Example 2:

!!:float left

Block name is mandatory, params can have any format and processed by block code after name recognized.

In general, that have no principle differences with discussed above. Only a bit more eye-friendly look, and assumption, that params should not have strict form, only recommendations for complex cases.


If we use ! for block directives, then for consistency sake we would end up needing to treat generic directives as

!name[content](arg){#myId .myClass key=val key2="val 2"}

to maintain consistency with

!!!name[content](arg){#myId .myClass key=val key2="val 2"}
... content ...

With block directive shorthand

!!!spoiler "Click me to expand"
... content ...

is same as saying 

!!!spoiler[Click me to expand]
... content ...

This is plausible, as long as we treat ![](){} as shorthand for !image[](){}. Which would invoke the handler for embedding images in html.

  • I’ve suggested !!: block start prefix as more readable
  • Not sure, that it’s good idea to search consistensy between blocks of different nature.
    • blocks with preprocessor calls should be good for developpers and can have complex params
    • blocks with message elements styles (spoiler, sidebar, notice), are for ordinary users and must be readable and natural. Things like this name[content](arg){#myId .myClass key=val key2="val 2"} for ordinary user are total mess :slight_smile:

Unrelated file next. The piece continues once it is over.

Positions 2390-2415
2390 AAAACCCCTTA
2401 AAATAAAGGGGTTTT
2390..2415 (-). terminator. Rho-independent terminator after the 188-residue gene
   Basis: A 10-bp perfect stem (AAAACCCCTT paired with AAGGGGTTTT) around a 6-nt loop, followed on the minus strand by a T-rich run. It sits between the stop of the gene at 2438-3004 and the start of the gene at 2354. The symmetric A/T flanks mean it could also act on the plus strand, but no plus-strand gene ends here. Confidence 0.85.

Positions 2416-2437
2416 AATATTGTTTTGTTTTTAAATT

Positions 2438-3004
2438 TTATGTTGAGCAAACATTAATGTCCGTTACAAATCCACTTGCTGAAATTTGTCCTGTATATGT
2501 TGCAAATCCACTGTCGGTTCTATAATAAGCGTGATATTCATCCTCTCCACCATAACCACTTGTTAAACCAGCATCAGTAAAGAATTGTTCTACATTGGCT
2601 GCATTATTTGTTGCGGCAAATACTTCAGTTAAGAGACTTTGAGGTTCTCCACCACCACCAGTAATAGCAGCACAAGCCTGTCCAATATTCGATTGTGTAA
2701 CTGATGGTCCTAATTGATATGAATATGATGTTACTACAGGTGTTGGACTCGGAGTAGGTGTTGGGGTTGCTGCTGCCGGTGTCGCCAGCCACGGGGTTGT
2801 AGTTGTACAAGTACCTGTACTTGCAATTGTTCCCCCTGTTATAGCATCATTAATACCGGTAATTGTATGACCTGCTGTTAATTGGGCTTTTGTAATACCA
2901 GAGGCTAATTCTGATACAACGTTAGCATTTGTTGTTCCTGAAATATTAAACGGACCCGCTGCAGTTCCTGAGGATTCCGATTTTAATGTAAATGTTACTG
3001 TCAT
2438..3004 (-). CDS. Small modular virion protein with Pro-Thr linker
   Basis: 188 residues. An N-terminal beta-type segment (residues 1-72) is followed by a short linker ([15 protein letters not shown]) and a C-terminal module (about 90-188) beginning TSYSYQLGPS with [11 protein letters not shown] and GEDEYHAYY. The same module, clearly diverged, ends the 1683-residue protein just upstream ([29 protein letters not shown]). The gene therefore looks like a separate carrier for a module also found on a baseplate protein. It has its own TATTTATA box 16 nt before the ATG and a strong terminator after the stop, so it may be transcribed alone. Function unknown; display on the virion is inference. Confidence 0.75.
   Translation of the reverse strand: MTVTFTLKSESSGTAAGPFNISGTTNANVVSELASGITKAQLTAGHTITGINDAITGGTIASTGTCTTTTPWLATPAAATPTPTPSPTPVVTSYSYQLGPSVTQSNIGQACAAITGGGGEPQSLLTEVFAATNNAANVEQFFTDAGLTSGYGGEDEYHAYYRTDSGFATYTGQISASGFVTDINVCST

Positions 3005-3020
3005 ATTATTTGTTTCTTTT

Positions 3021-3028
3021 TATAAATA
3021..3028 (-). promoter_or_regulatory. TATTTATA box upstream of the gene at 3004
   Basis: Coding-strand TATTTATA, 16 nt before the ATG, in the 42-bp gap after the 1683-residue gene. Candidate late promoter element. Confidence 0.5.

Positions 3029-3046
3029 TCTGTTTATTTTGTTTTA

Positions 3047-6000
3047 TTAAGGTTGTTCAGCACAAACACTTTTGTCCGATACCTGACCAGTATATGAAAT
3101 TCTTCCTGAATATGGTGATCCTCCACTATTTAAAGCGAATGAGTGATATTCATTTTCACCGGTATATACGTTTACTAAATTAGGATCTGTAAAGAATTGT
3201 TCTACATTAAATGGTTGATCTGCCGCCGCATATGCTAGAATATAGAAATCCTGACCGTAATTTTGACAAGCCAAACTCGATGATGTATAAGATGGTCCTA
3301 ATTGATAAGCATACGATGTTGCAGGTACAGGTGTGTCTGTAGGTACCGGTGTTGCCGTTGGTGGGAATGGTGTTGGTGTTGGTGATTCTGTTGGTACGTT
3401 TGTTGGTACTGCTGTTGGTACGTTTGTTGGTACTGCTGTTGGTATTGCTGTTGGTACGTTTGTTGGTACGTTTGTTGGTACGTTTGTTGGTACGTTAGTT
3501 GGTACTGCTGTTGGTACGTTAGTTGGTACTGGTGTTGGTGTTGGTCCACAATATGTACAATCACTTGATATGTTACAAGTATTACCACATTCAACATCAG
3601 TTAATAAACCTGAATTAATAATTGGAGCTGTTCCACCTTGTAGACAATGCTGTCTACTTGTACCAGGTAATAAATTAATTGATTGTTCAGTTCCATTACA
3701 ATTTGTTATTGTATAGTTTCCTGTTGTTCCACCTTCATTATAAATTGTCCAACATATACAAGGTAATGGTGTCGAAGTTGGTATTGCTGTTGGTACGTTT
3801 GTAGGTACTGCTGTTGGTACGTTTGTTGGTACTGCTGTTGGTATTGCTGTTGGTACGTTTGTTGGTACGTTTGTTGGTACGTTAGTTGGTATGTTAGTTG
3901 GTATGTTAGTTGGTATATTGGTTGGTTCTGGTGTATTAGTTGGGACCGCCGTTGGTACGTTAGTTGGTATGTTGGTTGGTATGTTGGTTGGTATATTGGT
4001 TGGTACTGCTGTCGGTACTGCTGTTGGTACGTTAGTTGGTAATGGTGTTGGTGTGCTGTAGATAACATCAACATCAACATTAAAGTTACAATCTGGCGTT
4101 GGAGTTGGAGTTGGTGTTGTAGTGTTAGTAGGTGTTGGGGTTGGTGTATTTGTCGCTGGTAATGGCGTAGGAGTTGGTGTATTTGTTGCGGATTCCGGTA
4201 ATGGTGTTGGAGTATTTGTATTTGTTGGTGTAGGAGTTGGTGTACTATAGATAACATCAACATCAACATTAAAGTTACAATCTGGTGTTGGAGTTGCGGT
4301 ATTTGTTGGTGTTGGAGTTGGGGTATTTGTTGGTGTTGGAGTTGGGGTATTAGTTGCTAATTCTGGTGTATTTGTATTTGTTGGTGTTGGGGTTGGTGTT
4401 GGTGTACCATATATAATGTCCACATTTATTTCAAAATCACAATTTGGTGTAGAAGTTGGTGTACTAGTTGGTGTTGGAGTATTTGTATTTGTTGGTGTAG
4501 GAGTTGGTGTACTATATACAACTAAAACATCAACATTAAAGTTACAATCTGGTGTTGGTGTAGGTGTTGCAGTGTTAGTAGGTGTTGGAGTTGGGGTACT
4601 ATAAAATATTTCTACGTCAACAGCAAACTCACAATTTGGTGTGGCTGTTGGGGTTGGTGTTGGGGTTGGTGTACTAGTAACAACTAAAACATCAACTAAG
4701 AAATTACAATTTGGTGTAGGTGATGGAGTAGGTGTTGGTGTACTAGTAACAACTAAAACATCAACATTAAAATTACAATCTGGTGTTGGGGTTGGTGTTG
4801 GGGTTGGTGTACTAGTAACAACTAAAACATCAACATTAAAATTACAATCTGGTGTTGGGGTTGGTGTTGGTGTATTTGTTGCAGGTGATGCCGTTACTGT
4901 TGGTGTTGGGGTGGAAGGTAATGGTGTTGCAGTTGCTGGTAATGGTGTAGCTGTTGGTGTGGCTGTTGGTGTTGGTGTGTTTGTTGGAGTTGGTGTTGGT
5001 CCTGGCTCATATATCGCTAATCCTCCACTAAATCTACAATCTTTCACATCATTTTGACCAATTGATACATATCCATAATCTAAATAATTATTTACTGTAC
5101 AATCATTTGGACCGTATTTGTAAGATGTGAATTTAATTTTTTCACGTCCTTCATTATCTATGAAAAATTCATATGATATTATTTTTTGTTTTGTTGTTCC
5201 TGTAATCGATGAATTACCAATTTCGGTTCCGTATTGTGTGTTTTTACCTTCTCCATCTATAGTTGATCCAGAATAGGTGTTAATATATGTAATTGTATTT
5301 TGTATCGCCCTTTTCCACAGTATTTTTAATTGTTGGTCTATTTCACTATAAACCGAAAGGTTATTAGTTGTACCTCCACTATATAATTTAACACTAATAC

Don’t like !!: , potentially confusing. Plus is inconsistent with ‘code fencing’ syntax in CommonMark, which is visually similar.

Don’t see how that’s any harder to use. You don’t have to have all () [] {} elements since !nameOfExt is the base trigger word. You only need to add elements as you need, much like how english has core based words that are used often, and a person will learn many more vocabularies to handle edge cases. Thus for your examples it would be like:

!spoiler[ Click me to expand ]( Hidden text here )
!sidebarElement[ home ]( #home )
!notice[ This is an official notice to everyone ]{ .noticeclass }

If you need syntactic sugar, here is some extension to the above syntax for notice extension. Only supports strings however.

!notice:"This is an official notice to everyone" { .noticeclass }

alternatively without : (Omitting noticeclass class as well):

!notice "This is an official notice to everyone"

No recommended due to potential edge case, when wanting to use extensions without arguments.
      !randomQuote "this is not part of !randomQuote"

tl;dr: It is flexible enough for both block and inline. Can consider !name: " ... " or !name " ... " as an optional alternative to !name[] for natural message .


I hear you. But don’t underatand why block syntax should be consistent with fences. It should be readable first. And i don’t understand why “” should be used. Why not just pass the rest of string to block parser? If block needs ()[], it can split internally.

Also note, there is no practical need to make the same syntax between multiline blocks and inlines. In terms of html, i mean difference between display:block and display:inline. Blocks have to allow nesting. Inlines - not sure. Since cases do not intersect, each can have it’s own syntax, based on readability criteria. Everyting i suggested was only about multiline blocks.